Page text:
No Aircraft Training for the Next Four Weekends

It takes an unusual person to fly with Whooping cranes.

That is not to say they are odd in a take a step back kind of way or that they possess any noteworthy attributes. It’s just that not everyone is willing to spend so much time away from home or work seven days a week or dress up in a ridiculous costume and carry a puppet. They’re not heroes or misfits but they are dedicated or maybe just stubborn – to the point of obsession.

At any rate there are three of us willing and able to do it. And trust me when I say it is not easy to find another mulish trike pilot with a Private flying licence, more than 250 hours of experience and has a lifelong desire to be a bird.

As an example, Brooke works seven days a week for most of the year. It‘s not like he is running at full speed from sunrise until dark but it does require early mornings to train the birds or check on them at the wintering site in Florida. It is an obligation that requires persistence so during the summer training season he gets well deserved weekends off.

Both Richard and I fill in the gaps and take our turns training the birds. We generally spend three weeks there and two weeks at home. In fact I just returned from my stint to spend time in our head office dealing with WCEP matters, staff scheduling, research papers and all the other stuff I am not good at.

Richard spends his non-flying time working on his other career as a metal sculptor. Since leaving school he has expanded his talent with an air hammer and a cutting torch. He can now shape steel to match exactly the images he forms in his creative mind. To the benefit of art patrons and the misfortune of Whooping cranes, Richard has a large commission this year with a late fall deadline. He was able to train the birds in the early spring but can’t make his normal August session.

So for the next few weeks we will not be training the birds on weekends. Jeff, Doug and Tom will be there to ensure they are safe and healthy but the aircraft will not show up every day. That is not really a change in our procedures. In fact, the original protocol states that each training secession will be evaluated for success and additional training may be curtailed to avoid excessive human contact with the birds.

In recent years we have needed every opportunity the weather allowed to encourage reluctant birds to leave the pen or stick with the aircraft. But these birds have been so good that the occasional break will not be an issue. Apart from disappointing our audience, the birds will not suffer from a once a week break.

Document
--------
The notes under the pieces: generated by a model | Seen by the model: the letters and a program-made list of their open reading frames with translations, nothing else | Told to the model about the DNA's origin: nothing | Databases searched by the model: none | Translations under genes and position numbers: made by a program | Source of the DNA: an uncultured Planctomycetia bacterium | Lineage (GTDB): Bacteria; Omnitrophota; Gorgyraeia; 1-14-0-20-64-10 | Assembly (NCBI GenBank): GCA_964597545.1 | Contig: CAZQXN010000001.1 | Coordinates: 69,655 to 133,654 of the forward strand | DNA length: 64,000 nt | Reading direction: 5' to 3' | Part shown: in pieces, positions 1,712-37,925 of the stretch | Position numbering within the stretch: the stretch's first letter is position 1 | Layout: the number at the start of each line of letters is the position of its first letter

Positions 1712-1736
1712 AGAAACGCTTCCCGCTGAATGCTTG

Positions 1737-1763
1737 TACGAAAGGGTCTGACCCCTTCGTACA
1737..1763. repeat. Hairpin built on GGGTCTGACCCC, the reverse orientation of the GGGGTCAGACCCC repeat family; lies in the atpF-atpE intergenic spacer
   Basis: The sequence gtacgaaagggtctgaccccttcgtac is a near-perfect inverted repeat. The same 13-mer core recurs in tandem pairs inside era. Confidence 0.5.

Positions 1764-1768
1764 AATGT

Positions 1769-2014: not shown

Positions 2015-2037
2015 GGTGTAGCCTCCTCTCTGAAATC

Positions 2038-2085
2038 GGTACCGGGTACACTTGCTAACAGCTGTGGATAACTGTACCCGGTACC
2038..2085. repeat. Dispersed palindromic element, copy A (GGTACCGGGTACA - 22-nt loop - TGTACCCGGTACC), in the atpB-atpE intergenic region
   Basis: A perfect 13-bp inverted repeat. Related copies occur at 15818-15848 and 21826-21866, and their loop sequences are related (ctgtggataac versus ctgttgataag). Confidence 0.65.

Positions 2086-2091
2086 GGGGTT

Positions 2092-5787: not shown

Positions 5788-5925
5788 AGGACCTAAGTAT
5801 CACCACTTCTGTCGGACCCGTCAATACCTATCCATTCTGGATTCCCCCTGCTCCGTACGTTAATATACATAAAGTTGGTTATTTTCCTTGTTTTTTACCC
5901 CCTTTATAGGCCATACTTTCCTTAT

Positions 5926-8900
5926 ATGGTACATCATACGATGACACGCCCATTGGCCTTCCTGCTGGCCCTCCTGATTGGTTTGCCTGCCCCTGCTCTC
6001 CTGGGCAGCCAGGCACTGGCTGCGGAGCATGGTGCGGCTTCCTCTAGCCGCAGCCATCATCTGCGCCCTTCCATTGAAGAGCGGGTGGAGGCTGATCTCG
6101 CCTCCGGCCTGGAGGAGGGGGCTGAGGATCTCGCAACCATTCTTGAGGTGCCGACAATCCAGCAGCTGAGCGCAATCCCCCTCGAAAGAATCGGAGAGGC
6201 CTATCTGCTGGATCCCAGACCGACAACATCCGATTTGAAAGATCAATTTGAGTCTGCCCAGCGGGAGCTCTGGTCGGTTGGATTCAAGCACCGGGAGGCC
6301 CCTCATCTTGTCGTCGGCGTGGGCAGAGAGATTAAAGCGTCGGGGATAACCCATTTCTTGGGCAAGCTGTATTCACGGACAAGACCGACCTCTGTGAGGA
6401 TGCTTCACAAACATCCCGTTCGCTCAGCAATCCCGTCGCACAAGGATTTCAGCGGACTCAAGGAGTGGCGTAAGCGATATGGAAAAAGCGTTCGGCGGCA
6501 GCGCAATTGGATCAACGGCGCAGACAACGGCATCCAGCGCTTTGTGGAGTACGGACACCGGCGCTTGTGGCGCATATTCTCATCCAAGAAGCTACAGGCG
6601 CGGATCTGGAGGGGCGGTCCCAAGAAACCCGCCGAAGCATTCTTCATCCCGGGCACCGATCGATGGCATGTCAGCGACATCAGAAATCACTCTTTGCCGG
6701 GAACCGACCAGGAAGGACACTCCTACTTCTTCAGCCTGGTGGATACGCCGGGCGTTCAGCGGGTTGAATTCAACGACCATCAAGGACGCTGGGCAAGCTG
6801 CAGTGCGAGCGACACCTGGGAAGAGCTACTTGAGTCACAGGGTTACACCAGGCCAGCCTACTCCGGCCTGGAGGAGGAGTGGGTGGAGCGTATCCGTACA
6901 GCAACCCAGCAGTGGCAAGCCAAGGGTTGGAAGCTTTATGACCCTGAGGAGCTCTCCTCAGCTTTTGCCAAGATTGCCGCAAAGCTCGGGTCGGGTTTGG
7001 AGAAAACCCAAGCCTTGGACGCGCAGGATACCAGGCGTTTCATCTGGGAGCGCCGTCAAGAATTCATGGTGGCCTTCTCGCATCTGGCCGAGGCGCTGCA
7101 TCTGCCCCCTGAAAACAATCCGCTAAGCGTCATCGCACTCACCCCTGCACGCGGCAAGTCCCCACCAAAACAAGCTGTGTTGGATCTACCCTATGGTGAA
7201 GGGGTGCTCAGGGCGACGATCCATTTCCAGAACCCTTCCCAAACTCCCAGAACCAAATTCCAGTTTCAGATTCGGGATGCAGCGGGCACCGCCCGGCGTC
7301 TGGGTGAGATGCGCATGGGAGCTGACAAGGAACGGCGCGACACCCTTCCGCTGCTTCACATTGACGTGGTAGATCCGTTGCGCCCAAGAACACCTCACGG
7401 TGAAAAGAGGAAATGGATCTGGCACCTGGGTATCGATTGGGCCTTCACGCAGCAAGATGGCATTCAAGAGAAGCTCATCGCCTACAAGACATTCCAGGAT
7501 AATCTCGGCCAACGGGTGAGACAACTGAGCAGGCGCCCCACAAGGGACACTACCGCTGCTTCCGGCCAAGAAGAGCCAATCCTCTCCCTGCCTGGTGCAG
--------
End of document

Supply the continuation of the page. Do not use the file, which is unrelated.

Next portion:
Beginning in September we will be back to full time. We will introduce the second aircraft and hopefully, prepare for an early departure. It’s fun to be an optimist isn’t it?

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7 Comments

  1. Dave Hanson August 24, 2015 6:14 pm

    you know what is best so get rested up…see you at cranefest…

  2. Dorothy N August 15, 2015 4:19 pm

    You all deserve more than a break — kudos, admiration, fans (maybe not screaming teens), practically sainthood! Enjoy your times away, all of you! Thank you for your unfailing efforts to bring back these beautiful and fascinating winged giants!

  3. Cathy August 15, 2015 4:08 am

    I actually feel better with this decision. As much as I thoroughly enjoy the training, it is in fact not for our entertainment but serves a higher purpose. Having the privilege of watching is just a bonus for us. Your safety, the safety and well-being of the entire OM crew and the birds is what is important and they are fine and we want you all to be also. You all ROCK by the way!

  4. eugenia (aka CraneWatcher) August 14, 2015 8:30 pm

    I disagree on one point, Joe: You, Brooke, and Richard are most definitely HEROES!!!

  5. Jillbru August 14, 2015 8:29 pm

    We’ve learned a certain amount of patience, Joe, and I gotta say our chatters and moderators are able to entertain themselves very well! We’ll live, and we hope you tumes will get a bit of rest and some needed family interaction.

  6. P. Main August 14, 2015 7:09 pm

    You know OM has been doing this long enough to know when a break is good and when it’s not. The colts are doing great, impressive class this season. Thank you Joe, Brooke, Richard, and everyone of you that puts on that tume suit we all love, and everyone else at OM that doesn’t wear the tume also!

  7. ffmn August 14, 2015 7:06 pm

    You do what you have to do !! We will survive. But, what does one do between 5:45 a.m. and the next 60 minutes? Oh….stay in bed……:0 enjoy your weekends for a bit.